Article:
Do these texts make you think differently about the connections between climate change and justice? Why or why not? What are some ways Jews might connect our traditional efforts to help the poor with work on climate change? ..Did you know there is a similar letter that Muslim leaders have recently published? Why is climate justice a topic faith communities should address?

It should be noted that Jewish congregations can link up across faith traditions through Interfaith Power and Light, which has affiliates in most American states.
There are many additional resources in the Jewish community including Jewcology.org

I have narrowed down these sections of Laudato Si that resonate most with current rabbis:
1) Redefining Progress

On this issue is the following view by the 20th century commentator Abraham Heschel

To set apart one day a week for freedom, a day on which we would not use the instruments which have been so easily turned into weapons of destruction, a day on which we stop worshiping the idols of technical civilization, a day of armistice in the economic struggle with our fellow humans and the forces of nature – is there any institution that holds out a great hope for our progress than the Sabbath?

2) Climate Justice
Pope Francis writes: The human environment and the natural environment deteriorate together; both everyday experience and scientific research show that the gravest effects of all attacks on the environment are suffered by the poorest.. ¶48

The Rabbinic Letter of 2015 in response to Laudato Si asserts:
The unity of justice and Earth-healing is also taught by our experience today: The worsening inequality of wealth, income, and political power has two direct impacts on the climate crisis. On the one hand, great Carbon Corporations not only make their enormous profits from wounding the Earth, but then use these profits to purchase elections and to fund fake science to prevent the public from acting to heal the wounds. On the other hand, the poor in America and around the globe are the first and the worst to suffer from the typhoons, floods, droughts, and diseases brought on by climate chaos. So we call for a new sense of eco-social justice – a tikkun olam that includes tikkun tevel, the healing of our planet. We urge those who have been focusing on social justice to address the climate crisis, and those who have been focusing on the climate crisis to address social justice.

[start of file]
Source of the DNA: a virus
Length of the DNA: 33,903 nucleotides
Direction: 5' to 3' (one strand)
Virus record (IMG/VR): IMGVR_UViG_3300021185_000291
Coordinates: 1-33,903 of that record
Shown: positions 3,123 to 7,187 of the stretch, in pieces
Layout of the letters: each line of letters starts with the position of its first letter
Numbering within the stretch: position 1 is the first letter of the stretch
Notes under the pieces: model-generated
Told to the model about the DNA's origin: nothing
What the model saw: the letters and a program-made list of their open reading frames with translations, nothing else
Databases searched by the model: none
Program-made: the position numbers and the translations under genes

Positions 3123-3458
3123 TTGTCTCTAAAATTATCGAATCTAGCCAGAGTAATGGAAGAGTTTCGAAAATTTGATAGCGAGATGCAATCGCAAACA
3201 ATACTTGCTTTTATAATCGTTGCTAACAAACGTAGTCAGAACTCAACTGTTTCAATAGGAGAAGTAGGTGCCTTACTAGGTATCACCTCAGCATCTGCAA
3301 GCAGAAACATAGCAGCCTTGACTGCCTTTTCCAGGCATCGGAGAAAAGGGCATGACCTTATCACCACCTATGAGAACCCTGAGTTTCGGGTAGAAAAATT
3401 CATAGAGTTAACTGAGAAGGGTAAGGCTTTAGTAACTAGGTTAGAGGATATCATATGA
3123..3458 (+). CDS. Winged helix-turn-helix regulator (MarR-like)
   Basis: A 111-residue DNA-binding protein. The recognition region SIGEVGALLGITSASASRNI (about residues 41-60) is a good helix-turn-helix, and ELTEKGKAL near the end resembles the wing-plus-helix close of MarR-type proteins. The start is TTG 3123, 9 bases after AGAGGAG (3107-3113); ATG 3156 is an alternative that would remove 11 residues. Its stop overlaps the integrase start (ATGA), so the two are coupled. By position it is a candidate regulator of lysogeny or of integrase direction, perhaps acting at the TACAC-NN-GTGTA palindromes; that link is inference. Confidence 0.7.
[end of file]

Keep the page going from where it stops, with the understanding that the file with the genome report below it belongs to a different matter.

3) Global Inequity
Pope Francis writes: ‘..the New Zealand bishops asked what the commandment “Thou shalt not kill” means when “twenty percent of the world’s population consumes resources at a rate that robs the poor nations and future generations of what they need to survive”. ¶95

Rabbis responding to Laudato Si refer us to Ezekiel 34:18-19
3) Is it not enough for you to graze on choice grazing ground, but you must also trample with your feet what is left from your grazing? And is it not enough for you to drink clear water, but you must also muddy with your feet what is left? And must My flock graze on what your feet have trampled and drink what your feet have muddied?

4) Just Solutions

Some strategies for lowering pollutant gas emissions call for the internationalization of environmental costs, which would risk imposing on countries with fewer resources burdensome commitments to reducing emissions comparable to those of the more industrialized countries. As the bishops of Bolivia have stated, “the countries which have benefited from a high degree of industrialization, at the cost of enormous emissions of greenhouse gases, have a greater responsibility for providing a solution to the problems they have caused.” ¶170

The Progressive rabbinic movement, led by Rabbi Waskow, responds as follows, quoting from the Shulkhan Arukh, the Jewish Code of Law compiled by Rabbis Joseph Kara and Avroham Isserlis in the 16th century.